We’re developing campuses for the future. Where possible we keep disruptive work to times that limit the impact on local residents, staff and students. With the size of some of the works we are doing this is not always possible. Keep up-to-date with current works and route changes on all our campuses.
Oxford Brookes received planning permission in November 2021 for the redevelopment of Clive Booth Student Village.
The project will provide an increased number of high-quality rooms within the University’s estate. This will help to reduce the number of students living in private rented accommodation and support efforts to manage local housing demand.
The construction work will be undertaken on behalf of the University by Morgan Sindall, who are registered with the Considerate Constructors Scheme. Safety is of the utmost importance and both Oxford Brookes and Morgan Sindall will ensure that any disruption is kept to a minimum while work is undertaken.
The enabling works to prepare for the redevelopment will continue until approximately July 2022, with core working from Monday to Friday throughout this period.
The site hours will be between 7.30am and 6.00pm. Any work on Saturdays will be limited to the hours of 7.30am to 1.00pm, with afternoon working on Saturday by exception.
During May and June 2022, the hoarding contractor has been erecting a barrier system called Green Hoard around the site perimeter. This is an environmentally friendly system that is re-usable and easily adaptable to move where needed. This also reduces the carbon footprint as it is made of recycled plastic instead of the traditional timber and plywood system.
The main demolition works of buildings to be removed during the first phase of the site’s redevelopment is taking place from May 2022. This will involve careful dismantling and the recycling of materials.
The furniture, fixtures and fittings from the old student blocks have been removed and mechanical demolition has commenced. The old Steel House building has been completely taken down and Block G in the centre of site has started to be dismantled. All the brick and block waste will be reused on site to form the hardcore piling mat when the piling phase starts.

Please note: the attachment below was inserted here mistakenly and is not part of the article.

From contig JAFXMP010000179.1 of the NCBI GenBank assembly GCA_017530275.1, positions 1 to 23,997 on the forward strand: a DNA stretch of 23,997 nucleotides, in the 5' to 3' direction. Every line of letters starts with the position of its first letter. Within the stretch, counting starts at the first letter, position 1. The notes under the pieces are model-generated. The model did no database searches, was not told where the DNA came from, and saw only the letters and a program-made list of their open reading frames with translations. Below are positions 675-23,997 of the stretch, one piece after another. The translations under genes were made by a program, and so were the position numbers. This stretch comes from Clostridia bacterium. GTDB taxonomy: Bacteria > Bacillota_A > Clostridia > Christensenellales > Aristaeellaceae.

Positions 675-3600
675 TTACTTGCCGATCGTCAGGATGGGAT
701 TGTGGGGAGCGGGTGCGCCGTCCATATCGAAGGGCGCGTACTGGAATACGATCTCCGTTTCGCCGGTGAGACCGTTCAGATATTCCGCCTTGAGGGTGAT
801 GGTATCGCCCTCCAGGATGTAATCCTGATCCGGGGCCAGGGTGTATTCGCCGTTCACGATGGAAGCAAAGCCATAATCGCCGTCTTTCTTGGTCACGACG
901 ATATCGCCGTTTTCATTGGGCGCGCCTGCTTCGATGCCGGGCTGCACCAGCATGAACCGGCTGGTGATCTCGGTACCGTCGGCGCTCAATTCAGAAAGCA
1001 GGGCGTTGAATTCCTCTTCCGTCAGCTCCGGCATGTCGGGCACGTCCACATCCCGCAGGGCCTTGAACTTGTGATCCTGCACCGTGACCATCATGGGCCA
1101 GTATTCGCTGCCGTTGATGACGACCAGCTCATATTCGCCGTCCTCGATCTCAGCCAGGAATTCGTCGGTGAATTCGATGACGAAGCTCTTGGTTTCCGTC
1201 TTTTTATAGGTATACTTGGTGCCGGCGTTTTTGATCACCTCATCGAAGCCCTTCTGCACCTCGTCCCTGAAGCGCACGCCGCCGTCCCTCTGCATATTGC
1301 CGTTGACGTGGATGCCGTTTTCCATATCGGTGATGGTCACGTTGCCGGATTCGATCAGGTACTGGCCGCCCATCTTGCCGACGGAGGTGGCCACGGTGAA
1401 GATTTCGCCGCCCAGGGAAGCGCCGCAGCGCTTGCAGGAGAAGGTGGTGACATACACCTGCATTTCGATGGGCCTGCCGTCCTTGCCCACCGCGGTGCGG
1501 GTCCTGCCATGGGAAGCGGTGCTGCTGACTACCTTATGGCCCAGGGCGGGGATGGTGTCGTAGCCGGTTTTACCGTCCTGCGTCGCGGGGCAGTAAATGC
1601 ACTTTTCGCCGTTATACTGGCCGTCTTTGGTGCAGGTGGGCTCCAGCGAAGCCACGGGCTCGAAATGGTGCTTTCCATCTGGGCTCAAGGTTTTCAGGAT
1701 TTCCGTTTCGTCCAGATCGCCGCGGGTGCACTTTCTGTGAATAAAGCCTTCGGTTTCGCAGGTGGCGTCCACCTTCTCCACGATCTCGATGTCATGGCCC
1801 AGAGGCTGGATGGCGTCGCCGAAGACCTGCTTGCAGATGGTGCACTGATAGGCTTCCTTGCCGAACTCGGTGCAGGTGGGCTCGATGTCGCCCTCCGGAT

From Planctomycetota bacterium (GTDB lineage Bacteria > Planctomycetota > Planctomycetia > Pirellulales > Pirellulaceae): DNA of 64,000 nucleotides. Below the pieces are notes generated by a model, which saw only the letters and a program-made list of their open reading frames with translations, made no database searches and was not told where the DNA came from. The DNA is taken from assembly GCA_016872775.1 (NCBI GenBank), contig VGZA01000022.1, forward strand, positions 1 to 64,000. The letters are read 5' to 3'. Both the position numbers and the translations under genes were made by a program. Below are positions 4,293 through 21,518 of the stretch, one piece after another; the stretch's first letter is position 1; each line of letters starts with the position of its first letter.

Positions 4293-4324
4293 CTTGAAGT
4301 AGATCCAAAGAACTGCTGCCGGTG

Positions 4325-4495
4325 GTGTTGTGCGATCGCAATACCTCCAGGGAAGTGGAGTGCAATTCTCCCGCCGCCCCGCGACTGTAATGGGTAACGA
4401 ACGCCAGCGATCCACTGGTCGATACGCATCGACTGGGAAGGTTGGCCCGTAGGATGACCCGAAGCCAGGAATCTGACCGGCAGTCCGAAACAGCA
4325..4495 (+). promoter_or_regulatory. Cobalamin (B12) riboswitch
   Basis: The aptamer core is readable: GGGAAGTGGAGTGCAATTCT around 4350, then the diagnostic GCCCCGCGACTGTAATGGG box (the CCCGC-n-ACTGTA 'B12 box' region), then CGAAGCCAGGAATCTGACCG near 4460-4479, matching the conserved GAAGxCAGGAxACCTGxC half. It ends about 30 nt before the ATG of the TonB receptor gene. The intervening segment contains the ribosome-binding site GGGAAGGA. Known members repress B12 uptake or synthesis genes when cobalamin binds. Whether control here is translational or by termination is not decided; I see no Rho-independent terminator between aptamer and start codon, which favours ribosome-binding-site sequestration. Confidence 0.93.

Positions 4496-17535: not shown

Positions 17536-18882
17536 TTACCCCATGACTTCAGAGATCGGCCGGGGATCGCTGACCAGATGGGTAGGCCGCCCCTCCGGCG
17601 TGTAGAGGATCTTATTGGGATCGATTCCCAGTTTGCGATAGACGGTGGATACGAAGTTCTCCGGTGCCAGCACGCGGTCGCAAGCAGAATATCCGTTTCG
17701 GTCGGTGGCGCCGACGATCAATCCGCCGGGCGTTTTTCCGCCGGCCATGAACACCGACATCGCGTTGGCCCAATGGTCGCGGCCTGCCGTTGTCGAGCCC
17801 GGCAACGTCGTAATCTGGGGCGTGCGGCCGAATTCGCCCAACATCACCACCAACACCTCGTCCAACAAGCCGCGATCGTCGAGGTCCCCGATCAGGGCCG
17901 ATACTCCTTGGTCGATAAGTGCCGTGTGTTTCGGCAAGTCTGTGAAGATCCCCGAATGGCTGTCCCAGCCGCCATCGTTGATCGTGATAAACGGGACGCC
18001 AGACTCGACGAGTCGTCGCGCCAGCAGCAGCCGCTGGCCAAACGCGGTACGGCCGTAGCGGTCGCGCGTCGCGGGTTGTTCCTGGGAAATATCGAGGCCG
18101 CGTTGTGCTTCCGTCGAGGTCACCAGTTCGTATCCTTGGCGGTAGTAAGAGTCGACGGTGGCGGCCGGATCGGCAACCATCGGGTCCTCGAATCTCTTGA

Further detail on the demolition of buildings over the coming period can be found in June 2022 newsletter link below.
A traffic management plan is being implemented to ensure safety for all road and pavement users. Vehicular access along John Garne Way will not be affected.
A more detailed newsletter produced by Morgan Sindall, which includes the contractor's contact details, will be made available on this webpage via the links below:
Find out more about Clive Booth Student Village in person:
From May 2022 Morgan Sindall, in collaboration with Oxford Brookes, began hosting drop-in information sessions on the first Monday of every month. Anyone is welcome to attend the sessions which allow for individuals or groups to hear about the latest developments and ask questions. They take place at the Morgan Sindall Site Office located within the previous Morals Bar on the Clive Booth Student Village site. The next drop-in sessions will be taking place on:
- Monday 18 July 2022 (3.00pm to 5.00pm)
- Monday 15 August 2022 (3.00pm to 5.00pm)
- Monday 19 September 2022 (3.00pm to 5.00pm)
- Monday 17 October 2022 (3.00pm to 5.00pm)
- Monday 21 November 2022 (3.00pm to 5.00pm)
- Monday 19 December 2022 (3.00pm to 5.00pm)
Information and images are also viewable on hoardings (pictured left) which can be found near the Cuckoo Lane entrance to Clive Booth Student Village site.
About the project:
Oxford Brookes is introducing a Geo-Exchange Heating System to displace the use of fossil fuels. It is estimated that the introduction of the new system will help to reduce carbon emissions from the University’s Gipsy Lane site by approximately 20%. Further information on the project can be found on the University's newspages.